Online Poker and GamblingOnline Gambling is on the rise among young children and teens. Gambling is becoming the new generation of addiction. According to the state Department of Human Services, one in every 25 teens already has a gambling problem. Additionally, one in every ten teens is at risk for developing a gambling problem. One of the greatest resources for children to access gambling is online. Online e-casinos allow children the possibility of accessing online gambling right from their own home. Although laws are set up to restrict children from using these sites, the restrictions rarely work. In fact, the Federal Trade Commission did some searching of there own and found out the extensive number of online gambling sites that allowed children to sneak their way in regardless of age and credit card access.

Some of the most popular gambling sites are those that offer poker and other card games where tournaments can be played and children can make live bets against other members for money. In regards to problem gambling, poker has become one of the top three gambling addictions. To many poker is seen as the new sport of the century. Tournaments are televised, we watch celebrities play poker on TV, and now kids can have their own version of casino style poker right at their fingertips. Many parents may not even be aware of the fact that their children are involved in online gambling until it is to late.

In November, 2009 a single mother of a 15 year old boy told the horrifying story of her sons secret online gambling addiction that cost them almost everything that they had.

Leslie Cramer, of Ladera Ranch. Ca. is the single mother of five children. Four of her children are grown and living on their own except for her youngest son Andrew, 15. The Cramers were facing hard times just as many others is in today's economy. Leslie had always made a great deal of money as a private RN but recently lost the client she cared for and was having a hard time finding a comparable salary. Living in a more upscale neighborhood in California and trying to make ends meet, Leslie was left stressed and her struggles often showed.

Andrew, a sophomore in high school, was a star student. He was part of the high school football team, a great athlete, and brilliant with web design and video production. Andrew spent much of his time with his older brother as his mother worked long hours as an RN. Andrews older brother introduced him to online gambling a few months back. In the recent months Andrews grades started to slip, he quit football, and lost interest in almost all of the things he use to love. Andrews mother figured the changes were due to him being a typical teenager. Leslie was aware of her son playing poker online but figured it was a way for her two sons to connect, it was something fun they did together and she was told no real money was involved. She never had reason to doubt her son as he has always been honest and was a good kid. Additionally, she never considered money being a factor as she knew her son had no access to money.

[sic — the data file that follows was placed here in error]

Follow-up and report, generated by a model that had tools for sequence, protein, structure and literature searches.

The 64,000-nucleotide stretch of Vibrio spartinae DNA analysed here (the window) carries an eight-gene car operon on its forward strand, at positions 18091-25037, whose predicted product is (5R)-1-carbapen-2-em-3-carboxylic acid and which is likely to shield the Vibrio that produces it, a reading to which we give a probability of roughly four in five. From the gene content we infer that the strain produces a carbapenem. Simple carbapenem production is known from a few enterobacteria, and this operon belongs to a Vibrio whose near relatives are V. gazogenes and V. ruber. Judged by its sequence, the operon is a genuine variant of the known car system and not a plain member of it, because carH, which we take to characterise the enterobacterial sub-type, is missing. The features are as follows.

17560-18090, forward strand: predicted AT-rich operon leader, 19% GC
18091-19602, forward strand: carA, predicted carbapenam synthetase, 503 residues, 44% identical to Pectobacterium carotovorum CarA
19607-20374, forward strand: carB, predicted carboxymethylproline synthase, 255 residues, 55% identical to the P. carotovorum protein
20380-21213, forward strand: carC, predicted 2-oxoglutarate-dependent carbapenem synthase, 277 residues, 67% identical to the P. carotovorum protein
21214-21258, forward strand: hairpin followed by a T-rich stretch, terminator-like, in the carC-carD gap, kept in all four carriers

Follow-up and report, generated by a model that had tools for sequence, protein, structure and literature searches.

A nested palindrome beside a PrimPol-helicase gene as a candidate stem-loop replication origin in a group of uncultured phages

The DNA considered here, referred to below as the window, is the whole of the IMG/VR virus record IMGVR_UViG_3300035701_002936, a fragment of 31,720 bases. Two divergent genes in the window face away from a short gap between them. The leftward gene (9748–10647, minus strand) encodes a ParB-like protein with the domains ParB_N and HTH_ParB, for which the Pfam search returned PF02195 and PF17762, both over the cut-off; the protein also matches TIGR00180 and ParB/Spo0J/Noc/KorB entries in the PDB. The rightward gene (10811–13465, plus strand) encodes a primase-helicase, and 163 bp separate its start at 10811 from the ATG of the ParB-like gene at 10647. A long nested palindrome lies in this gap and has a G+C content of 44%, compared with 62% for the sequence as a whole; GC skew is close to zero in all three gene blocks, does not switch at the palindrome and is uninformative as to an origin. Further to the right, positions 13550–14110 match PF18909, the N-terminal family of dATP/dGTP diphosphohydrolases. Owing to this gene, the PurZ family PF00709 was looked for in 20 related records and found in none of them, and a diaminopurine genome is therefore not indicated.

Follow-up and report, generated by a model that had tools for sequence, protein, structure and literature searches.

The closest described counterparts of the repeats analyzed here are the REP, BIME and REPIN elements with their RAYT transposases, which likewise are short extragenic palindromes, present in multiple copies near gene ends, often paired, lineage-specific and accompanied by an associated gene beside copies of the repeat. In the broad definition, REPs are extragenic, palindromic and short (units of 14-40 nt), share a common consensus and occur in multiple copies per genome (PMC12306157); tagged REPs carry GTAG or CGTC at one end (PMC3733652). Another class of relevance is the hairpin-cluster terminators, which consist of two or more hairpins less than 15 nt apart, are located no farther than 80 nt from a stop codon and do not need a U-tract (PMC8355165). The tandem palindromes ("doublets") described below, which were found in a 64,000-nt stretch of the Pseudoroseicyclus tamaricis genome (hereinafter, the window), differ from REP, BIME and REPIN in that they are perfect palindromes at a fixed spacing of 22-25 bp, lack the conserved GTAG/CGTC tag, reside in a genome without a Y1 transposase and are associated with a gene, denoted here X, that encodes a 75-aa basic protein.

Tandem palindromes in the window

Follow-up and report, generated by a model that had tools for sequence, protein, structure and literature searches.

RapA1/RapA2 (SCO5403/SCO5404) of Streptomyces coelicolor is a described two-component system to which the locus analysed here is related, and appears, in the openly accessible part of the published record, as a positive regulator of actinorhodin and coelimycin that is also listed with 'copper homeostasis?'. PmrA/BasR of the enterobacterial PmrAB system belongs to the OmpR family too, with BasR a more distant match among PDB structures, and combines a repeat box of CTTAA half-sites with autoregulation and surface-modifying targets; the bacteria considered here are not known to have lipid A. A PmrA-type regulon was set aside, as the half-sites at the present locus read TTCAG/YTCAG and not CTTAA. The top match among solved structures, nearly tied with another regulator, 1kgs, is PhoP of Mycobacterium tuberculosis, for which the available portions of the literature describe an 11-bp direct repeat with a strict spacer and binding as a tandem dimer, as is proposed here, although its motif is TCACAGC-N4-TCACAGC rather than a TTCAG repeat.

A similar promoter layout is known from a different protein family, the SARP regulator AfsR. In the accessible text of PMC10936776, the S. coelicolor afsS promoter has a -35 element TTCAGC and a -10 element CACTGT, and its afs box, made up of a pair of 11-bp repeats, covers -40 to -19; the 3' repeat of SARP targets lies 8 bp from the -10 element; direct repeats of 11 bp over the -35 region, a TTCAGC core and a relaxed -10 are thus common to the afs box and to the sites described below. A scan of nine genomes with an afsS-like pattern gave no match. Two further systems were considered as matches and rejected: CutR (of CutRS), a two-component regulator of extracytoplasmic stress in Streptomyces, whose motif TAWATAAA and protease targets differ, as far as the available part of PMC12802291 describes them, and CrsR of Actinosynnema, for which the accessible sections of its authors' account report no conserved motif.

Over time Leslie began seeing her bank statement balance decrease. At first she figured it was a bill here and there, being busy with work she brushed off the subsiding dollar amount in her savings account. After a few weeks she decided to call the bank as her balance was now substantially low and had gotten significantly lower within a few short days. Upon contacting the bank she was informed that over $7,000 had been spent on internet transactions over the course of a few months. At first she contemplated where the money had gone, how it got spent, was it fraud? She decided to go into the bank and spent hours investigating the charges. Upon returning home she confronted her son, she asked him to log into his account on Poker Stars, where he spent most of his time playing online poker, he refused. She asked again, and again he refused. Finally being left with no other choice he admitted what he had done, with his head hung low Andrew muttered the words, "I spent the money, it was me". Leslie teared up as she re-told this story, her eyes were filled with both hurt and disappointment.